¶ 11 On certiorari, Casey argues that a defendant cannot be convicted of attempted murder based merely on a "knowing" state of mind. In support of this position, he relies on State v. Vigil, 842 P.2d 843 (Utah 1992), wherein we interpreted the attempt statute to require intent. Based on that case, Casey argues that the trial court improperly instructed the jury on the elements of attempted murder when it included an attempted murder instruction based on the intentional or knowing alternative of the murder statute. The State argues that in Vigil we specifically permitted prosecutions for attempted murder based on the intentional or knowing alternative of the murder statute, see 842 P.2d at 848 n. 5, and that the trial court correctly instructed the jury on the elements of attempted murder.
Utah Code Ann. § 76-4-101 (1999).
¶ 12 We now hold that an attempted murder conviction requires proof that the defendant acted intentionally. We reach this conclusion relying on the following authority: our previous cases, Utah's attempt statute (as distinguished from the Model Penal Code ("M.P.C.")), and authority from other jurisdictions. Before examining this authority, however, we will first identify the statutory elements of attempted murder.
A. The Elements of Attempted Murder
¶ 13 Attempt crimes are derivatives of completed crimes, and the express language of both the completed crime statute and the attempt statute determines the elements of the attempt crime. Thus, a conviction for attempted murder must satisfy the elements of the murder statute, with the obvious exception that the murder need not be completed, and the attempt statute.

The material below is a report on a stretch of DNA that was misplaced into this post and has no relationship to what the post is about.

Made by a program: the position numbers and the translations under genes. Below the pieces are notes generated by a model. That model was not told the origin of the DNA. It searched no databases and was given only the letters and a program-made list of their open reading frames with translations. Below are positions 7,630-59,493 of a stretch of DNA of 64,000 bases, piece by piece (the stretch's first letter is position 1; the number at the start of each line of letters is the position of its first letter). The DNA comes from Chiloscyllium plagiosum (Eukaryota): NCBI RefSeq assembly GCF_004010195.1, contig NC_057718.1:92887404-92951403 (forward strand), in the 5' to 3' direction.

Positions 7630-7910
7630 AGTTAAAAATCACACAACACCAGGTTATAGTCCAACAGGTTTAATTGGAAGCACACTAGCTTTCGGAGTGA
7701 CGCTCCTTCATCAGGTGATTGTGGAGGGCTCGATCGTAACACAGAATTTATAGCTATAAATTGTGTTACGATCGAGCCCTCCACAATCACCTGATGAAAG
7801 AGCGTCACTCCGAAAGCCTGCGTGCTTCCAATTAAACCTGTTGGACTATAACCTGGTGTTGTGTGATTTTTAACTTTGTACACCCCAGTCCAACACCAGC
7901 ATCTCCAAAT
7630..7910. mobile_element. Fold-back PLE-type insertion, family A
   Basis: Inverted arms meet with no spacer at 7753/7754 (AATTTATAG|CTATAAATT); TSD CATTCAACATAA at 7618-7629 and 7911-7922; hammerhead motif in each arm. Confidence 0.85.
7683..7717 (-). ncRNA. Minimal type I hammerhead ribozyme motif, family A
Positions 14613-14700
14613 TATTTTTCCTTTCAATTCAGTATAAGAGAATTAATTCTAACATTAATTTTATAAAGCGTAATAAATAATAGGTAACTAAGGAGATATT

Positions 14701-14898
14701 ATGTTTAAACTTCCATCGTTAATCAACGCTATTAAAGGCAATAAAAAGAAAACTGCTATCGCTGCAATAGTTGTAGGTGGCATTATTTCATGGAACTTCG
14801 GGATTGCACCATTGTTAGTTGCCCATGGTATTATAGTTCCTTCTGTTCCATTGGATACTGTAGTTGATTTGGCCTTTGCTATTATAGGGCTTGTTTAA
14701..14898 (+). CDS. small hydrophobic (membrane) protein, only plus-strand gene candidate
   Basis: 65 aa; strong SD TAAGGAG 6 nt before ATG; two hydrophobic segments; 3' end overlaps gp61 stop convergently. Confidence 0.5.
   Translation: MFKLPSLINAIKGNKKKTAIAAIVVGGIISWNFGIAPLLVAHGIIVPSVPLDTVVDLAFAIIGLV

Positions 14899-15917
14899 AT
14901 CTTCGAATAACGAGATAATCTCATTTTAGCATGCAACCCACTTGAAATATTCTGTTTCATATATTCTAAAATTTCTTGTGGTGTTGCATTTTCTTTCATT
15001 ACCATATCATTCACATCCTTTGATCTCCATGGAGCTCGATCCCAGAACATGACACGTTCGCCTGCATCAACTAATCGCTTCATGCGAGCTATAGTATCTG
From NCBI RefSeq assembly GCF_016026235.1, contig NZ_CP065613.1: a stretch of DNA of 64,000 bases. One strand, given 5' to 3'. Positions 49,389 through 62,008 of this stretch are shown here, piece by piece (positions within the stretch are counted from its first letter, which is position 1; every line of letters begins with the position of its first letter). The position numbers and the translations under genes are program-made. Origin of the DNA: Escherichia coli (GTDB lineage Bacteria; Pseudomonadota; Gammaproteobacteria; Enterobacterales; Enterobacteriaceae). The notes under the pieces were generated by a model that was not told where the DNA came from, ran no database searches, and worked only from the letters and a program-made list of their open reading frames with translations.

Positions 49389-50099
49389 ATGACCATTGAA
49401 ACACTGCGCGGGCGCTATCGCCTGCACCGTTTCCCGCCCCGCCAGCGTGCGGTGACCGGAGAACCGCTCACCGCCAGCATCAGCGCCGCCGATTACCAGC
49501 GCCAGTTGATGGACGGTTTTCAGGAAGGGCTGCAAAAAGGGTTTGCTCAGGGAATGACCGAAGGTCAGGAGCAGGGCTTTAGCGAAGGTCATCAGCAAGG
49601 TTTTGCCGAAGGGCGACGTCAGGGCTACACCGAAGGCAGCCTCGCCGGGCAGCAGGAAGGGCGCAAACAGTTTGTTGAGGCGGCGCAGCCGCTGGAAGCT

¶ 14 The murder statute at issue in this case allows for a conviction if a person "intentionally or knowingly causes the death of another." Utah Code Ann. § 76-5-203(1)(a). Both "intentionally" and "knowingly" are defined by statute. One acts intentionally "when it is his conscious objective or desire to engage in the conduct or cause the result." Id. § 76-2-103(1) (1999). On the other hand, one acts knowingly "when he is aware of the nature of his conduct or the existing circumstances" and "aware that his conduct is reasonably certain to cause the result." Id. § 76-2-103(2). A defendant can be convicted of murder under either level of culpability.
¶ 15 To be convicted of attempted murder, however, additional and different elements must be shown under the attempt statute. The attempt statute states as follows:
(1) For purposes of this part a person is guilty of an attempt to commit a crime if, acting with the kind of culpability otherwise required for the commission of the offense, he engages in conduct constituting a substantial step toward commission of the offense.
(2) For purposes of this part, conduct does not constitute a substantial step unless it is strongly corroborative of the actor's intent to commit the offense.
Id. § 76-4-101. Thus, to be convicted of attempted murder, a defendant's actions must constitute a substantial step toward causing the death of another, and the substantial step must indicate his or her intent to commit the crime. In this case, Casey argues that the substantial step must indicate the intent to kill. Indeed, some authorities have noted that "[a]lthough murder may be committed without an intent to kill, an attempt to commit murder requires a specific intent to kill." 4 Charles E. Torcia, Wharton's Criminal Law § 695, at 591-97 (15th ed. 1996). We must now decide whether a conviction for attempted murder in Utah requires a higher level of culpability than that required for murder.
B. Maestas, Vigil, and Other Utah Authority
¶ 16 Casey's challenge is not strictly one of first impression. We have addressed jury instructions regarding attempted murder in the past; two of these decisions, State v. Maestas, 652 P.2d 903 (Utah 1982), andVigil, addressed jury instructions based on the same language at issue in the instant case. Additionally, when addressing attempted murder under other alternatives of the murder statute, we have consistently held that intentional conduct is required by the attempt statute.
1. State v. Maestas